UN: Chlorine bombs in Syria would be a ‘war crime’


The UN’s Syria envoy has said that if confirmed, reports of a chlorine attack in Aleppo would constitute a “war crime.” Both sides of the conflict have accused each other of using chlorine gas.

There was no letup in fighting between Syrian allied forces backed by Russia airstrikes and rebels in Aleppo on Thursday, a day after reports of a chlorine attack on rebel positions.

The Organization for the Prohibition of Chemical Weapons said Thursday the reports of possible chemical weapons use in Syria were “of great concern.”

Opposing sides in the conflict have accused each other of using chlorine gas throughout the war.

Syrian rebels and activists said one Syrian government chlorine barrel bomb on the city’s eastern Zabadieh neighborhood killed at least two people and sickened others on Wednesday.

Staffan de Mistura, the UN envoy for Syria, said Thursday that if the chorine gas attack took place it would constitute a “war crime.”

“It’s really not for me to assess who did it and whether it actually took place, although there is a lot of evidence that it actually did take place,” de Mistura told reporters on Thursday.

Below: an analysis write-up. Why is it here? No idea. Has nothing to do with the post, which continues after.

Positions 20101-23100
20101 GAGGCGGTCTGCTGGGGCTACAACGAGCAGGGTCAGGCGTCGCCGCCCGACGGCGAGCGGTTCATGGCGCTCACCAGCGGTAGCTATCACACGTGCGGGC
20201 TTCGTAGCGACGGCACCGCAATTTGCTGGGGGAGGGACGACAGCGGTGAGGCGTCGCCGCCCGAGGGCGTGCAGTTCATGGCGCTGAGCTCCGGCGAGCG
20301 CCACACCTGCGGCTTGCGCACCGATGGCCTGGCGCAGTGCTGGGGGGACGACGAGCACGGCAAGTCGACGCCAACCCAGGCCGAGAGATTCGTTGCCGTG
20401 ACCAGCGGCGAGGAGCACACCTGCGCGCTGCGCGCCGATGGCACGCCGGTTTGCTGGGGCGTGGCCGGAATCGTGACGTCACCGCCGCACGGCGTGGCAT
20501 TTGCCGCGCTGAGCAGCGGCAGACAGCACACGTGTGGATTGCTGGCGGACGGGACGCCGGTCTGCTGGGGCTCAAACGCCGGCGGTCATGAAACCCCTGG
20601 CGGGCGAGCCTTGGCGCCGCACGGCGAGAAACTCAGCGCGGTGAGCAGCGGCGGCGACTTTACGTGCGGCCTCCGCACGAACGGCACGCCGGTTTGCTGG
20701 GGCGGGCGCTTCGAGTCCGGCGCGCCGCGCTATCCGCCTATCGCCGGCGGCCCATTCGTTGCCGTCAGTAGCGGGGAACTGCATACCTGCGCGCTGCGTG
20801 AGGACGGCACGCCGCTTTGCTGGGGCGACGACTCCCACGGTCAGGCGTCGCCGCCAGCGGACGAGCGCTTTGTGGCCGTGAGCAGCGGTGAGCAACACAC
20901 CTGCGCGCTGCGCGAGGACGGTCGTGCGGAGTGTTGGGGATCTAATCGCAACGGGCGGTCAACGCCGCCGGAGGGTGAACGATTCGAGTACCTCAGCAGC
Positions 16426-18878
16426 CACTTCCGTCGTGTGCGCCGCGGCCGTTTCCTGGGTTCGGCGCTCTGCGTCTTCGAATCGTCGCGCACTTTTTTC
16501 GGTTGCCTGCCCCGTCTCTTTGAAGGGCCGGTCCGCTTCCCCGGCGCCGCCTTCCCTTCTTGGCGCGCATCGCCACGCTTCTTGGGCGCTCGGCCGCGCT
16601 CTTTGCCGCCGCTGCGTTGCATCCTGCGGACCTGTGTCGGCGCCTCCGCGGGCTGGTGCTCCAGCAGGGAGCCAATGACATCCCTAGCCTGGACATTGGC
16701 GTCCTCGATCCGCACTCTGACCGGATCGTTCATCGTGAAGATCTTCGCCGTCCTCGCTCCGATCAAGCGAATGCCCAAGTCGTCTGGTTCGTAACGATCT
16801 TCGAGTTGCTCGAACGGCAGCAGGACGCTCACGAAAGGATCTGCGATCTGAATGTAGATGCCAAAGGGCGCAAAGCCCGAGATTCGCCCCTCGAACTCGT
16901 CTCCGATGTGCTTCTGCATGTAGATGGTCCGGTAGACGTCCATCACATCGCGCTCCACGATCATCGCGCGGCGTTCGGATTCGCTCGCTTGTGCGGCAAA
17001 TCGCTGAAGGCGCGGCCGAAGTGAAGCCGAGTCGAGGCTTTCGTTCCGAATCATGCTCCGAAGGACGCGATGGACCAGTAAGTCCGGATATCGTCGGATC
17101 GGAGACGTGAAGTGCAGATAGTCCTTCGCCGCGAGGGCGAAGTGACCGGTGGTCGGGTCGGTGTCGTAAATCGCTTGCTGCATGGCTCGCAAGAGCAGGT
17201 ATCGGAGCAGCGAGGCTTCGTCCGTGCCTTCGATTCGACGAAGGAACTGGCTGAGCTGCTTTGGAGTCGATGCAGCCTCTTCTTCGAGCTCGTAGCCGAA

French Foreign Minister Jean-Marc Ayrault said he was “concerned by reports of a new chemical attack… that is said to have claimed four lives and left dozens injured.”

The Syrian government and opposition also accused each other of using chlorine last week in Aleppo, where intense fighting that could determine the course of the five year war is unfolding.

Rebels and jihadists broke a government siege over the weekend, allowing aid into Syria’s second city.

Russia said Thursday it would consider extending a three-hour a day humanitarian ceasefire around Aleppo, but all sides of the conflict continued clashes on the ground.

Responding to Russia’s offer, de Mistura said any pause in fighting was welcome but “three hours is not enough.”

cw/xx (AFP, AP, dpa, Reuters)



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